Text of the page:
Sewing has always been close to my heart. My dear grandmother taught me how to sew when I was little. I wanted to learn so bad, but my mom would not teach me because she was afraid I would hurt myself (I'm a lefty). So off to grandma's house I went. Every summer I would spend time at her house learning to sew and working on 4-H sewing projects. When ever I sew an item I'm proud of I think of my grandma. It also gives me the creative outlet that I need. If I'm stressed I always reach for a sewing project. The sound of the sewing machine helps me to forget my worries.

Just to add to the complicated person that I am. I'm also a very thrifty person AND an environmentalist. My five year old is already haggling at garage sales and then crying when we drive by an area where they are cutting down live trees. I can tell she spends a lot of time with me. LOL

As complicated as I am, I really do strive for simplicity in life. Living the "Less is More" life style. Well, I don't want to bore you with more talk about me. Just take a look at our posts to see who I am. I don't hold back much other then our "real" names!

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Not the Link Love and Post # 400!

Last week, we took part in 4 carnivals:

Maybe even more important...

Yesterday's post on our chicken coop was post number 400!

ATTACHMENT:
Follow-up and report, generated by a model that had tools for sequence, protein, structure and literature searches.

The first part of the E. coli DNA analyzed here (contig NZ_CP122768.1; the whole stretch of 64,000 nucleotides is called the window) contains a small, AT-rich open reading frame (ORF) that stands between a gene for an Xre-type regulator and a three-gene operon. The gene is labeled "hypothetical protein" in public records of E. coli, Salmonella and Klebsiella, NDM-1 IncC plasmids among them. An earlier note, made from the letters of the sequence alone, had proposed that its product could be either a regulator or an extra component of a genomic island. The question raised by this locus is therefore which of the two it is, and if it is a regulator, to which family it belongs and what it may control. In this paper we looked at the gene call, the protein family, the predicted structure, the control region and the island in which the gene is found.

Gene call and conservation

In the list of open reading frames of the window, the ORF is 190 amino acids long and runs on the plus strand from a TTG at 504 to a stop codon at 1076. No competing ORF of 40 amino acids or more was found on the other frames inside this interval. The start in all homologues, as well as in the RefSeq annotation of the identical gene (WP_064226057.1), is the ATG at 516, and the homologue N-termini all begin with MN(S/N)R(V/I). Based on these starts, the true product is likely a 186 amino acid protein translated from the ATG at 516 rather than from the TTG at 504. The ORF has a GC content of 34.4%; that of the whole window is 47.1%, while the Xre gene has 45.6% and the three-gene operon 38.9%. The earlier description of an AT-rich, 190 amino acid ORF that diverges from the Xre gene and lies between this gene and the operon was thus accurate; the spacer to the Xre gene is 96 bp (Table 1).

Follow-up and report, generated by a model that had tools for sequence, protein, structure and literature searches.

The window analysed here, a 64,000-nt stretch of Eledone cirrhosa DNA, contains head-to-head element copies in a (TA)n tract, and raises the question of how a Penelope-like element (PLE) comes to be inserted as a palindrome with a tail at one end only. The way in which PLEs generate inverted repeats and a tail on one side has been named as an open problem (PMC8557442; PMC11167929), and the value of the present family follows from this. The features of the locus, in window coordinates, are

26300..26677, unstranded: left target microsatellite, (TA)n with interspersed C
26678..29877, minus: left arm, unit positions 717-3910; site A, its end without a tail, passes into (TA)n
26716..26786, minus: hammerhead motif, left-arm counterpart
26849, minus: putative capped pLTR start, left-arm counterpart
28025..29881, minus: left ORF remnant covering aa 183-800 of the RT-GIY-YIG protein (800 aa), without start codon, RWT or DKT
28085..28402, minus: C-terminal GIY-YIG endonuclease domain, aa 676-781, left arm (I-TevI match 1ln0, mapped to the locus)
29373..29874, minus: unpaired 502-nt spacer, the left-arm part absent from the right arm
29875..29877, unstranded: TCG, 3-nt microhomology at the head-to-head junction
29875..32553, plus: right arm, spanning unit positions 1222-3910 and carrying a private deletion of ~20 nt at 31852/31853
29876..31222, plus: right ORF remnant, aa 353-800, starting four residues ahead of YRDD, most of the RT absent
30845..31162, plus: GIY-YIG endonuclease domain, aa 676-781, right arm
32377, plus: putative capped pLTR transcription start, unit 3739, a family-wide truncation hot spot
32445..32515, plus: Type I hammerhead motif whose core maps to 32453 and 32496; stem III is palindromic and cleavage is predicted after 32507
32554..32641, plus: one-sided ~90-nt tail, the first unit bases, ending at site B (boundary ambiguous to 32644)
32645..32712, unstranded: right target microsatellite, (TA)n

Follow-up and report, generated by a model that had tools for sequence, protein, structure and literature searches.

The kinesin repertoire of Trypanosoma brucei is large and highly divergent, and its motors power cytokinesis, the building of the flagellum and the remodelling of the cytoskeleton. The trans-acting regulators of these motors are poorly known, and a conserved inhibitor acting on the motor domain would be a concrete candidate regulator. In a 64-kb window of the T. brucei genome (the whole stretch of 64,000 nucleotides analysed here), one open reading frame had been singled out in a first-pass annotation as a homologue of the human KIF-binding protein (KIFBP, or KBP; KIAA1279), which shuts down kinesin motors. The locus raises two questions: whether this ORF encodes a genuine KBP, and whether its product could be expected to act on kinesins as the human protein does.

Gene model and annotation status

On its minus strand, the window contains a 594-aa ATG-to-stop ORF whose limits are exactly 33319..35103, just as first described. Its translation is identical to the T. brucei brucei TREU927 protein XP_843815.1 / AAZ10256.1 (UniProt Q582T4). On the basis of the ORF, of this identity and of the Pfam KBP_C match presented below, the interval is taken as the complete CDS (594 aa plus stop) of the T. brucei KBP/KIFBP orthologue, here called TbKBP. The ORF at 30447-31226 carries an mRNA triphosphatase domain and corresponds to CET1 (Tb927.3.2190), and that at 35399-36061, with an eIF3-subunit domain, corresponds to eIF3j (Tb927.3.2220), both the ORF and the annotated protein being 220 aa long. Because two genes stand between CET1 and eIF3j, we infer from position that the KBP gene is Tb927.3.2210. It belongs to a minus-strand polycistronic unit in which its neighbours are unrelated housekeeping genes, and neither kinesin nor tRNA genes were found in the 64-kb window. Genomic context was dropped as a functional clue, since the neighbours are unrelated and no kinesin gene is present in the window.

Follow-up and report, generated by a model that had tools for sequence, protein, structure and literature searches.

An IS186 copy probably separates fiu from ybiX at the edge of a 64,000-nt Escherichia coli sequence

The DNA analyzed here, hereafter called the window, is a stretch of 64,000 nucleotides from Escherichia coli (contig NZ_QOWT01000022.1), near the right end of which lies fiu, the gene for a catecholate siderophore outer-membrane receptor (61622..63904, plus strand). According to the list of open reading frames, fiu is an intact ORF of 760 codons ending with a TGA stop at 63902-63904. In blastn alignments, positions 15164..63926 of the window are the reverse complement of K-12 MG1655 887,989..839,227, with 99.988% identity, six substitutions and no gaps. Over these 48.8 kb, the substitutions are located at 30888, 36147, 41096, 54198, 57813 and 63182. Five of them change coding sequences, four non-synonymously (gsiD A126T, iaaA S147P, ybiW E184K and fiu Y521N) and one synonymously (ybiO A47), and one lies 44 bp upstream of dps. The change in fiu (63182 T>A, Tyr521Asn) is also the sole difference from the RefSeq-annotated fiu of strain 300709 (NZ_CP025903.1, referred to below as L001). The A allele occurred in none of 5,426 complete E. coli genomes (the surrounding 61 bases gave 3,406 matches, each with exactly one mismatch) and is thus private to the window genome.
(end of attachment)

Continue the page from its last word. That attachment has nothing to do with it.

We were also featured on MSN's SmartSpending Blog for our post on rescuing the laundry from the curse of the purple crayon. Thanks, Karen!

Here are our favorite posts from around the blogosphere:

What a week - Thanks for reading!

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Suburban Backyard Chicken Coop

A while back, we announced out new additions here at the NtJS ranch - 4 large breed hens. (In our township, 4 is the limit to qualify as "pets" - 5 or more constitutes livestock) Well, for some time now, the Mrs has been after me to write a post about how we designed and built our chicken coop. At first, I resisted, but we've gotten so many compliments from friends and interest in it that I had to give in.

Now, I can't claim to of really known what I was doing, and there are certainly some things I would do differently on the next one. But, overall it turned out pretty hot - for a chicken coop.

First, we started with - you guessed it - research. God bless the internet. The Mrs. came up with several coop designs that she liked for one reason or another. Here are the ones that were the most influential to our final design.

Next, I had to put pen to paper, and start sorting out the dimensions. Chickens In Your Backyard has been our main reference manual for all things chicken including coop dimensions. First, I laid out the floor plan. Each chicken needs 2 square feet floor space. I gave them that, plus a little extra. 4 chickens can share one nesting box, so that was simple enough. Then came the roost. Each hen needs nine inches of roost, I doubled that just to give them some room to move around.